By Matt Reese, Dusty Sonnenberg, Kolt Buchenroth and Dale Minyo
So far, 2020 has been a tough year for 4-H.
Jane Warnimont is a Putnam County 4-H advisor and mother of 4-H members who has seen the ups and downs first hand.
“Back in February when things started occurring you got the inkling that something was coming down the pike. March, though, is kind of when things really shut down. That included 4-H and we couldn’t meet with our 4-H members. Those are critical moments for getting things done,” Warnimont said. “Clubs usually start meeting in January and February. Most clubs are really starting to meet their checkpoints in April or May in a normal year. Zoom meetings are helpful but you don’t have that one on one if kids are having problems. This was really tough for first year members too.”
It was maybe toughest for those with livestock projects.
“Livestock people were starting to purchase their animals way back in September. Who would have thought this would happen back in September? Many more were purchased in January and February,” Warnimont said. “The biggest challenge was do we or don’t we? Are they going to have a junior fair or are they not? I have a son and this is his last year. It was important to me that he be able to show. He lost all of these things from his senior year and he had three types of livestock projects at home. He was committed. He never stopped.”
Fortunately, the Putnam County community stepped up and worked together to put on a fair.
“One thing that helped tremendously is that we had parents really step up to the plate and help out. Parents were going online to get the books on their own and older 4-H and FFA members really came together too and did what needed to be done to help younger members get their projects done,” Warnimont said. “It started out very negative, but it turned out so positive with these kids. It was a tremendous effort of working together and a great community atmosphere to pull it off. The community, the senior fair board, Extension office, everybody worked together to make this a positive experience. They knew it was all for the kids. That is really what it is all about.”
The community rallied for fundraising, volunteered to help and worked together to organize a fair in around two weeks from the time of the release of new, more relaxed guidelines. Jason Herrick, 4-H Extension educator in Putnam County, said it wasn’t quite business as usual at the fair, but there was still plenty to celebrate.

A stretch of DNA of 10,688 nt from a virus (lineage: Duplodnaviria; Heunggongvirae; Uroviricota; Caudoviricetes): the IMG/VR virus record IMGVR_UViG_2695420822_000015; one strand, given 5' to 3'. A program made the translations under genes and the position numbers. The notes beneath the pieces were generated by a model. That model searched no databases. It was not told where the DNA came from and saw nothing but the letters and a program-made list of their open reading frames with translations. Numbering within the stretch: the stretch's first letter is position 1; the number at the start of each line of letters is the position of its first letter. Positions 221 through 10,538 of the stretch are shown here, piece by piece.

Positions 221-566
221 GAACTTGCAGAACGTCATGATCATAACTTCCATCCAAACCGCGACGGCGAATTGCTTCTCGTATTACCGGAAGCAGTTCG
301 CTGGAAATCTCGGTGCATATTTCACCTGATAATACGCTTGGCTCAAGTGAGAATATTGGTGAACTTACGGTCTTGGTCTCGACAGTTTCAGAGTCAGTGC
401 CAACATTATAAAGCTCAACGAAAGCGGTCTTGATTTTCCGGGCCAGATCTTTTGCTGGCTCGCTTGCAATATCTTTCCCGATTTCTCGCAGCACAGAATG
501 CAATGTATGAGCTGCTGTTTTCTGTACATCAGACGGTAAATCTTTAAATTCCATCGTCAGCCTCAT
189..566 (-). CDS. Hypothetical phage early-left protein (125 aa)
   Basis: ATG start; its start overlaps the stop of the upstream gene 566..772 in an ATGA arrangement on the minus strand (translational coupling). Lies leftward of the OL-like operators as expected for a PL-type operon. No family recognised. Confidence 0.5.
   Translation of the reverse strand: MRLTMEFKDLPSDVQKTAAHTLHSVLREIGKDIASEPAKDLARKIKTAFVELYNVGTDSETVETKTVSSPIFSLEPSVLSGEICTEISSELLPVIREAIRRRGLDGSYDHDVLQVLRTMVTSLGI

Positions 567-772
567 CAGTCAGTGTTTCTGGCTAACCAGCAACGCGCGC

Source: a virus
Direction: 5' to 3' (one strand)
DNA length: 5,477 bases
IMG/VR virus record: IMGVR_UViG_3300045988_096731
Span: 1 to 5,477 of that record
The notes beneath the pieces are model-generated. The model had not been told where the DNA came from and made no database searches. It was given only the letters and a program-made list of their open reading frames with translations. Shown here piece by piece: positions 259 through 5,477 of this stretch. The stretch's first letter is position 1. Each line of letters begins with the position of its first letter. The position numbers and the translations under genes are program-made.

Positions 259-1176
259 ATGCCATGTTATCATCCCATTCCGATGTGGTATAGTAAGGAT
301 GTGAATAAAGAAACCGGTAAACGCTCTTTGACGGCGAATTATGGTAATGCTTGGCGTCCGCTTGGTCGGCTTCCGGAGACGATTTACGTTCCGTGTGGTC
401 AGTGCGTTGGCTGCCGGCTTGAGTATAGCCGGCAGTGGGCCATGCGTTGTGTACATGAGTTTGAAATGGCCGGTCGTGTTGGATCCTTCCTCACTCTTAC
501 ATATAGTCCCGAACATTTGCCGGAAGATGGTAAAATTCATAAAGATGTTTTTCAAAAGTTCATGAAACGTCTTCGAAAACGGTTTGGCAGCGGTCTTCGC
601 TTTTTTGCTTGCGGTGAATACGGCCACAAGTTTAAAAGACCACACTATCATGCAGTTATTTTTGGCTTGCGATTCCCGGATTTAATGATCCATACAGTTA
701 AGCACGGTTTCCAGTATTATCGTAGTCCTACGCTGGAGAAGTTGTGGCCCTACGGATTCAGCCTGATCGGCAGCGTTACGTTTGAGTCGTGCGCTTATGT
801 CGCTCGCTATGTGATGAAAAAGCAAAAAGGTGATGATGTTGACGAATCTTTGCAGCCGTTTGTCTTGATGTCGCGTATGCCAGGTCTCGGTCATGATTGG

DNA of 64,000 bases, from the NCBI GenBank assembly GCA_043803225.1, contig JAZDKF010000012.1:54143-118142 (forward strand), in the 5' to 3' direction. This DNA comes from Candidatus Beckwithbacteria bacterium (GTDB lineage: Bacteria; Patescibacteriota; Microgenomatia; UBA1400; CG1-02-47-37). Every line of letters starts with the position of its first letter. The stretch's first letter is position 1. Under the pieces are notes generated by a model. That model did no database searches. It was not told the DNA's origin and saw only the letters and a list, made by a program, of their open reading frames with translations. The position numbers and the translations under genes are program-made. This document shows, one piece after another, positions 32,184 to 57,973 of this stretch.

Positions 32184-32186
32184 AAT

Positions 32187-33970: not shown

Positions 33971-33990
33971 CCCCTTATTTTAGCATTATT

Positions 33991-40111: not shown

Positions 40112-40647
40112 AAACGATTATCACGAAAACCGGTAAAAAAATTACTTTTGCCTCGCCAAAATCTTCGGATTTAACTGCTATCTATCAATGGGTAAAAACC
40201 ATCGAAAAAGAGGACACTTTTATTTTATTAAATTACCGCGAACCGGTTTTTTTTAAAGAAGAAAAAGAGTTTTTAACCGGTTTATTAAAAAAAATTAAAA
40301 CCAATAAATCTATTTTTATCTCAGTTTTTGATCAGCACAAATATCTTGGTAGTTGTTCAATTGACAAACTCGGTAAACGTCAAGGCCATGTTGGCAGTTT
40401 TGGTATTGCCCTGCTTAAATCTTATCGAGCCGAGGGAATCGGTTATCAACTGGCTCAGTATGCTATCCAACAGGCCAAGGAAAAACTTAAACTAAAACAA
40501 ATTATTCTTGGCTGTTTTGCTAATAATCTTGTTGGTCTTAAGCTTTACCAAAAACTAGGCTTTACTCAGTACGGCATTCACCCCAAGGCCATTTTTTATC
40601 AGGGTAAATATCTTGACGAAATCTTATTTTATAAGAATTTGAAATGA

“We were able to get our 4-H members in here to exhibit their livestock projects this year. We are thankful for that as well as some demonstrations and some still projects in the junior fair building. It was nice to be here and doing what we were planning on doing since November and December when we started with 4-H enrollment,” Herrick said. “We started off with weigh-ins and volunteers were stepping up and filling in a lot of gaps. Our senior fair board members have done a lot of work this year instead of the junior fair board. We’ve asked those kids to disengage from some of those things that may put them in a high-risk situation. The senior fair board and volunteers really filled in that gap. It was different for all of us but it is going well. We got our livestock in place and then had successful shows with nice crowds and nice support from families.”
In Pickaway County too, the community worked together to put on a fair in June.
“Our main reason for being so adamant about having a fair was when this all came about, most of our kids already had their livestock projects for a month or so and they’d already been working on them. We wanted them to be able to showcase all their hard work they’d done,” said Von Cremeans, Pickaway County Fair Board president. “We basically planned three fairs. Our original fair we planned back in January and that is the one we ended up doing. We had a plan B in place if needed but we didn’t announce it. We didn’t have to use it. We also approved a modified plan A that would basically only keep the animals here for 72 hours. The livestock committee wanted to go to the full fair, so the animals were here all week.”
Though Pickaway County did have a “full fair,” there were some noticeable differences.
“The main changes visitors will see at the fair are social distancing, 6 feet apart in lines for rides or concessions and in livestock barns we have signs for one way traffic to try to limit the number of people in the barns. If you were not showing or getting ready to show, we asked you to not hang out in the barns,” said Scott Pritchard, Pickaway County Fair Board vice president. “We have a very good ride company year in and year out. They were able to get 11 rides licensed early in the year and they were ready to go.”
There were scheduled times for the rides to shut down to be disinfected frequently. There were changes for the events at the fair as well.
“Our grandstand events are 50% but we have other places down on our racetracks to sit. Every other seat is blocked off. We are opening up track seating in groups of six or 10 six feet apart and it may actually give us more seating than we would have in the grandstands,” Pritchard said. “Everyone is very compliant and happy to be here. They are already familiar with social distancing and if they see an X every six feet they know what it means. The Health Department came through and we did have a couple of minor things to look at and we took care of those and we were good to go.”